Binding Energy and the Stimulation of Hormone Receptors

  • T. J. Franklin
Conference paper

Abstract

To fulfill their physiological roles a hormonal agonist and its receptor must first recognize each other and proceed to a highly specific binding interaction. It is generally believed that this interaction leads to some degree of conformational change in the receptor (receptor stimulation) which in many cases is coupled to an effector system that regulates the intracellular levels of a second messenger such as cyclic AMP or calcium ions. Amplification of the signal arising from the agonist-receptor interaction usually depends upon the initiation of a cascade by the second messenger which culminates in the appropriate biological end response. In other instances the receptor directly controls ion fluxes across the cell membranes (e.g. nicotinic receptors). Steroid receptors after stimulation translocate to the cell nucleus and activate transcription of specific regions of the genome. The amplification systems, which are such a striking feature of hormonal and neuroendocrine action, have been the subject of intense research activity for the past two decades. The situation is very different with regard to the nature of the primary interaction between agonists and their receptors and the conformational changes that ensue. There have been a few reports of efforts to analyze the basic thermodynamics of the binding phenomenon in receptor systems which will be discussed later but little or no effort has been directed to the study of the influence of ligand structure on essential conformational changes in the receptor.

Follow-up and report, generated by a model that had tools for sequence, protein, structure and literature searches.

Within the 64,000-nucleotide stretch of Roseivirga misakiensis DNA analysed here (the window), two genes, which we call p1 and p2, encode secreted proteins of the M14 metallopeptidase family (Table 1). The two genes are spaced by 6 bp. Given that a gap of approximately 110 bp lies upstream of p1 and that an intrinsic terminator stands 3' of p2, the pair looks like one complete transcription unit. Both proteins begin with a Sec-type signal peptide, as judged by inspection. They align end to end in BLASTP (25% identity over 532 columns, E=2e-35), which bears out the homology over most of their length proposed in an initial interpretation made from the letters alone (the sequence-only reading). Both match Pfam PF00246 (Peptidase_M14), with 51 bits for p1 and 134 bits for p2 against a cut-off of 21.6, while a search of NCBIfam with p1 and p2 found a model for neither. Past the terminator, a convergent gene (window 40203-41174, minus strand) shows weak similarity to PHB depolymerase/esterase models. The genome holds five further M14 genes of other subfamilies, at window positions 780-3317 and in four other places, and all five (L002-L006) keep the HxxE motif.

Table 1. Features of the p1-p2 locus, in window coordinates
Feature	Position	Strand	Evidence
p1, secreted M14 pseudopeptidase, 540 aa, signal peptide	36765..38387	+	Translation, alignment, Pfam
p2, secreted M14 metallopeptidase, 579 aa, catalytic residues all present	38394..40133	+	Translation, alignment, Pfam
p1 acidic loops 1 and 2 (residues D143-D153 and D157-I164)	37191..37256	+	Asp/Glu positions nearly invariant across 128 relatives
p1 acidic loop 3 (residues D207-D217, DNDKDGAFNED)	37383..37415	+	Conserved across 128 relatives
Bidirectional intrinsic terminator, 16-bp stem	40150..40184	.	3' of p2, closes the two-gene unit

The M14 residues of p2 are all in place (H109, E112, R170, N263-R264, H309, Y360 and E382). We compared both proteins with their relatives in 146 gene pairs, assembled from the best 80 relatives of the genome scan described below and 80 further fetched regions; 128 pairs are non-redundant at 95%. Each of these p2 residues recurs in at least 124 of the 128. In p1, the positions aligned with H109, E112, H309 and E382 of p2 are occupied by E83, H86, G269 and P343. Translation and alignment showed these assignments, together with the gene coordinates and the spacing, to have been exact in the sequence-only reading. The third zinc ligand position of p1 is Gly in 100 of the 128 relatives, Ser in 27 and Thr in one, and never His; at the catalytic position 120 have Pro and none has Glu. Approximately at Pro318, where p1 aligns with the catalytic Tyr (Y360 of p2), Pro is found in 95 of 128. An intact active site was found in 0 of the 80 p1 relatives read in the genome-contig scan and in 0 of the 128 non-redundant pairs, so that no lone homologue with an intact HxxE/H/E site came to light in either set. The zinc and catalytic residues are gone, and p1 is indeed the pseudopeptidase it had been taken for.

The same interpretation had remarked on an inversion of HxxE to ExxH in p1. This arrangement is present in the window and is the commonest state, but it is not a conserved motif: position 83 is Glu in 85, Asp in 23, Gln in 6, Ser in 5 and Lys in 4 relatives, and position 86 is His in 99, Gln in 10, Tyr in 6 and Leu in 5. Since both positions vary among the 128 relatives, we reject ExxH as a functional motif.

Keywords

Entropy Estrogen Fructose Androgen Estradiol 

Preview

Unable to display preview. Download preview PDF.

Unable to display preview. Download preview PDF.

References

  1. 1.
    Kent, R. S., De Lean, A. and Lefkowitz, R. J. (1980) Molec. Pharmacol. 17, 14–23Google Scholar
  2. 2.
    Hoffman, B. B., Kilpatrick, D. M. and Lefkowitz, R. J. (1980) J. Biol. Chem. 255, 4645–4652Google Scholar
  3. 3.
    Boyd, N. D. and Cohen, J. B. (1980) Biochemistry 19, 5344–5353CrossRefGoogle Scholar
  4. 4.
    Boyd, N. D. and Cohen, J. B. (1980b) Biochemistry 19, 5353–5358CrossRefGoogle Scholar
  5. 5.
    Roeske, W. R., Ehlert, F. J., Barritt, D. S., Yamanaka, K., Rosenberger, L. B., Yamada, S., Yamamura, S. and Yamamura, H. I. (1983) Adv. Biochemical Psychopharmacol. 36, 15–30Google Scholar
  6. 6.
    Böiger, M. B. and Jorgensen, E. C. (1980) J. Biol. Chem. 255, 10271–10278Google Scholar
  7. 7.
    Fillion, G. (1983) Adv. Biochemical Psychopharmacol. 36, 115–123Google Scholar
  8. 8.
    Sasson, S. and Notides, A. (1983) J. Biol. Chem. 258, 8113–8117Google Scholar
  9. 9.
    Weiland, G. A., Minneman, K. D. and Molinoff, P. B. (1979) Nature 281, 114–117CrossRefGoogle Scholar
  10. 10.
    Weiland, G. A., Minneman, K. D. and Molinoff, P. B. (1980) Molec. Pharmacol. 18, 341–347Google Scholar
  11. 11.
    Möhler, H. and Richards, J. G. (1981) Nature 294, 763–765CrossRefGoogle Scholar